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A standardised neonatal admission record (NAR) - increasing quality of neonatal care in Rwanda-a retrospective observational study

A standardised neonatal admission record (NAR) - increasing quality of neonatal care in Rwanda-a retrospective observational study

Jaeseok Choi1,2, Raban Dusabimana1,2, Fedine Urubuto1,2, Faustine Agaba 2, Daniel Langer3,4, Catherine Harrison3,5, Cliff O´Callahan6, Peter Thomas Cartledge2,7,8,&


1School of Medicine, University of Rwanda, Kigali, Rwanda, 2Department of Pediatrics, University Teaching Hospital of Kigali (CHUK), Kigali, Rwanda, 3Birthlink (UK Charity), Ickenham, Middlesex, United Kingdom, 4Department of Pediatrics, Epsom and St Helier University Hospitals NHS Trust, London, United Kingdom, 5Department of Neonatology, Leeds Children´s Hospital NHS Trust, Leeds, United Kingdom, 6Department of Pediatrics, Middlesex Health and University of Connecticut, Connecticut, USA, 7Department of Emergency Medicine, Yale University, New Haven, USA, 8Rwanda Human Resources For Health (HRH) Program, Ministry of Health, Kigali, Rwanda



&Corresponding author
Peter Thomas Cartledge, Department of Pediatrics, University Teaching Hospital of Kigali (CHUK), Kigali, Rwanda




Introduction: the neonatal period is the most vulnerable time for a child´s survival. It is well established that high-quality medical records are needed for the provision of high-quality care and that neonatal medicine is well suited to a standardised approach to care. The objective of this study was to describe the implementation of a Neonatal Admission Record (NAR) and to retrospectively compare discharge outcomes (length of hospital stay, mortality and weight gain) for neonates born before and after implementation.


Methods: a retrospective observational study was undertaken. A NAR was implemented, in combination with an education package, in an urban, tertiary neonatal unit in Kigali, Rwanda. Length of stay, mortality and weight gain were compared before and after the implementation of the NAR.


Results: five hundred and fifteen pre-NAR and 863 post-NAR cases were included. There was a small, non-significant, increase in the mean LoS from 13.7 to 14.2 days. All-cause mortality decreased from 22% to 18% after the implementation of the NAR (OR=0.76, p=0.049). Surviving neonates gained 4.1 and 6.1g/kg/day before and after the implementation of the NAR (p=0.031).


Conclusion: the use of a standardised Neonatal Admission Record, in combination with an educational package, can improve care. A NAR provides a structured approach to managing infants on a neonatal unit in the resource-limited setting.



Introduction    Down

Neonatal mortality: the neonatal period is the most vulnerable time for a child´s survival, yet, globally, from 1990 to 2016 the decline in neonatal mortality (49%) has been slower than mortality for children under-5 (62%) [1,2]. Three-quarters of neonatal deaths happen in the first week with the highest risk of death on the first day of life [3]. The majority of neonatal deaths (99%) occur in resource-limited countries [3]. Simple, cost-effective interventions are therefore required, including education and training and integrated service delivery packages, such as skilled birth attendants in dedicated birth centres.

Standardised hospital records for neonates: one simple, potentially cost-effective, intervention is standardised hospital admission records to document the entire hospital stay. It is well established that high-quality medical records are needed for high-quality care. The importance of accurate record keeping and data collection has led the World Health Organization (WHO) to produce a manual for developing standardised medical records, as well as a guide for developing countries on improving data quality [4,5]. Healthcare professionals (HCPs) need information, at the point of service, and at the point of decision making. This information should be in a format that maximises the decision-making process. The WHO states that accurate and reliable medical records are imperative for enabling continuous care of patients at all levels of healthcare. They are also an essential medico-legal record. There are several benefits to standardised medical records: they are a key tool used to improve patient care by assisting clinical decision making and management throughout the admission, and in doing so, provide education and act as an aide-memoire to HCPs [6,7]. When documentation is adequately performed, it can improve the coordination and continuity of care, reinforce clinical decision-making capacities, achieve more accurate statistical data and augment staff accountability [8-10].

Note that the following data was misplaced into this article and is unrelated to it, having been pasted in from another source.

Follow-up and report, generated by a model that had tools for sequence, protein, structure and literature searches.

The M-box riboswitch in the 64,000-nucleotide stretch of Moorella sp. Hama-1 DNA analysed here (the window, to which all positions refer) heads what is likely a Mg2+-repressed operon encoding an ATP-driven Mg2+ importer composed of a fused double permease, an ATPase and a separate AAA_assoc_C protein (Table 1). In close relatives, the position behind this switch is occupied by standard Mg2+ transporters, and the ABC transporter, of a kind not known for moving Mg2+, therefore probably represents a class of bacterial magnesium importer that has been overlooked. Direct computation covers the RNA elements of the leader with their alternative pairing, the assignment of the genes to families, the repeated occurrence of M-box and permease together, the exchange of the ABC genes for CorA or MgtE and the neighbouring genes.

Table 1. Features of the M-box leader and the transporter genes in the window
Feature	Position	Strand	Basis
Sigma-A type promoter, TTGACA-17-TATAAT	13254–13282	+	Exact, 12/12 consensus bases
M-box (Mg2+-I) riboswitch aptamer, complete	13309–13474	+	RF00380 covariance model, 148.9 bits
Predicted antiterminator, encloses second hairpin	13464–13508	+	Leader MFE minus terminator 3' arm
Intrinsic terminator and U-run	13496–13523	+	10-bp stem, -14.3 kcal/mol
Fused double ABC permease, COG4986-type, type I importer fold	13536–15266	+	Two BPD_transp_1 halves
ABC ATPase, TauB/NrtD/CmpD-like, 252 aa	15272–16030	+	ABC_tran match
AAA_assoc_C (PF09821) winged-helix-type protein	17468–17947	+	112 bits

On a larger scale, a standardised medical record can also act as a source of data for service activity reporting, performance monitoring of hospitals and for audit, research and education [11,12]. Following a review of multiple audits of medical record keeping in the United Kingdom (UK), the UK´s Audit Commission proposed the development of medical note folders with standards for structure and content [13]. A review in the Lancet in 1998 by Wyatt et al, reported that structured notes supported clinical decision making [14]. They also help to limit errors, improve understanding and interpretation of management plans resulting in improvements in patient outcomes and reduction in costs [15]. There is a paucity of national and international data available for many neonatal intervention programmes in low-income countries (LICs) due to the lack of data collection and accurate or specific documentation [11,16]. Simple, low-cost interventions such as standardised Neonatal Admission Records (NAR) are one-step in the process required to improve and document care provision, improve the communication between HCPs and to aid data collection. Indirectly, there is the potential that they could improve patient management and therefore overall morbidity and mortality.